Patrick Hughes (b.1939)
Born in Birmingham in 1939, Patrick Hughes is a British surrealist painter and printmaker, who currently lives and works in London. He is widely recognised as one of Britain's top contemporary artists.
In 1959, Hughes joined James Graham Teachers' Training College , Leeds , to train to be an English teacher, but he quickly became disillusioned. A teacher suggested he consider art instead, so Hughes moved to Leeds Day College, where he studied and taught art. Hughes held his first solo exhibition at the Portal Gallery in 1961. For three years he taught in Leeds schools before becoming a senior lecturer in painting and drawing at Leeds College of Arts from 1964-1969. In 1970, after a year studying art education at London University, Hughes taught for four years at Chelsea and Wolverhampton Schools of Art.
“Hughes' work is full of irony. By creating a world solidified into perspective he makes pictures that come alive before our eyes”. - Murray McDonald, April 2002.
Artists such as Paul Klee, Rene Magritte, and Marcel Duchamp have influenced Hughes' work. Hughes' early works have a strong element of humour, featuring unusual perspectives, rainbows and visual paradoxes. In fact it was Hughes' aim from the start to paint paradoxes. Hughes made his first reverse perspective painting in 1964. His reverse perspective works are crafted so that the image seems to move as the viewer walks past. These works show how the eye can trick the brain into seeing what is not there. Hughes has commented: "I believe they have an experience, unlike any other, in which they see the impossible happen…. If lookers and seers experience the paradoxical and reciprocal relation between parts of the world and themselves, they get a sense of the flow of life”.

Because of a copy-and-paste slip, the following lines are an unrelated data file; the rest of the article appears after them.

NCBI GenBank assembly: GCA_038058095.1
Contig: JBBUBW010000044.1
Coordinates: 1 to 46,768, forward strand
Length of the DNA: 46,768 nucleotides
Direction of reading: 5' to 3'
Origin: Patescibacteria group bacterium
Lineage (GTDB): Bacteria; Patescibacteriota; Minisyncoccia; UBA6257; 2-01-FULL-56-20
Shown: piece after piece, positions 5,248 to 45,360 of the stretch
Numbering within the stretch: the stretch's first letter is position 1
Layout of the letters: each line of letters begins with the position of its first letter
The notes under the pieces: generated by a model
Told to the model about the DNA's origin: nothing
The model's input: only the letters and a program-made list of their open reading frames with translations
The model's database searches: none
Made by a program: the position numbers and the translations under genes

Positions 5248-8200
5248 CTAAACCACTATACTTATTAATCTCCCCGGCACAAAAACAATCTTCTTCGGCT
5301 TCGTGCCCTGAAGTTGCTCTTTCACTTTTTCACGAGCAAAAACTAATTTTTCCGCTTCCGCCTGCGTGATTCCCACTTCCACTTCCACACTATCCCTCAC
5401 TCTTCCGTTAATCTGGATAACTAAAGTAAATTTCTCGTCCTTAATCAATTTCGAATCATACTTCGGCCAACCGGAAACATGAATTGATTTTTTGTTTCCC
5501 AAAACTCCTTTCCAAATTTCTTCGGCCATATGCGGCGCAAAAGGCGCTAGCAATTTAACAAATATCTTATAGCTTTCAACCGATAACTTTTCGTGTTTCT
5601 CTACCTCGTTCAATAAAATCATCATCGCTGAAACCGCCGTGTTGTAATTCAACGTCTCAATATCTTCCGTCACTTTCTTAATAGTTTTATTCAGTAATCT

Hughes' fascination with the paradoxical image can be found throughout his work. In his original prints, Hughes has a unique way of exploiting the 3D use of space and colour to produce dynamic perspectives. An early theme that he often returned to is that of the rainbow, in particular 'wrong' rainbows. His ‘wrong rainbows' have colours that are out of sequence or simplified, and the rainbows are placed in circumstances that contradict their momentary nature and fragility. Hughes has explained “a rainbow is a transitory event composed of water, air and light…..I tried to give them mass, permanence and persona.” The rainbow really is the star of Hughes' paradoxical work. A considerable body of these rainbow works exists in galleries and collections around the globe.
Hughes has exhibited with Angela Flowers Gallery, London since 1970 and was included in an exhibition of Surrealist pictures at Crawshaw Gallery in 1988. He has written and collated three books on visual and verbal rhetoric. Hughes' work is exhibited in numerous cities around the world and can be found in many important museum collections including the Museum of Modern Art in Glasgow, Tate Gallery in London, Birmingham Museum and Art Gallery, University of Houston in Texas, and the Deutsche Bibliothek in Frankfurt.
To find out more see:
John Slyce (1998) Patrick Hughes: Perverspective, Momentum, London.
Brian Smith and Patrick Hughes (1983) Behind the Rainbow, Paradox Publishing Limited, London.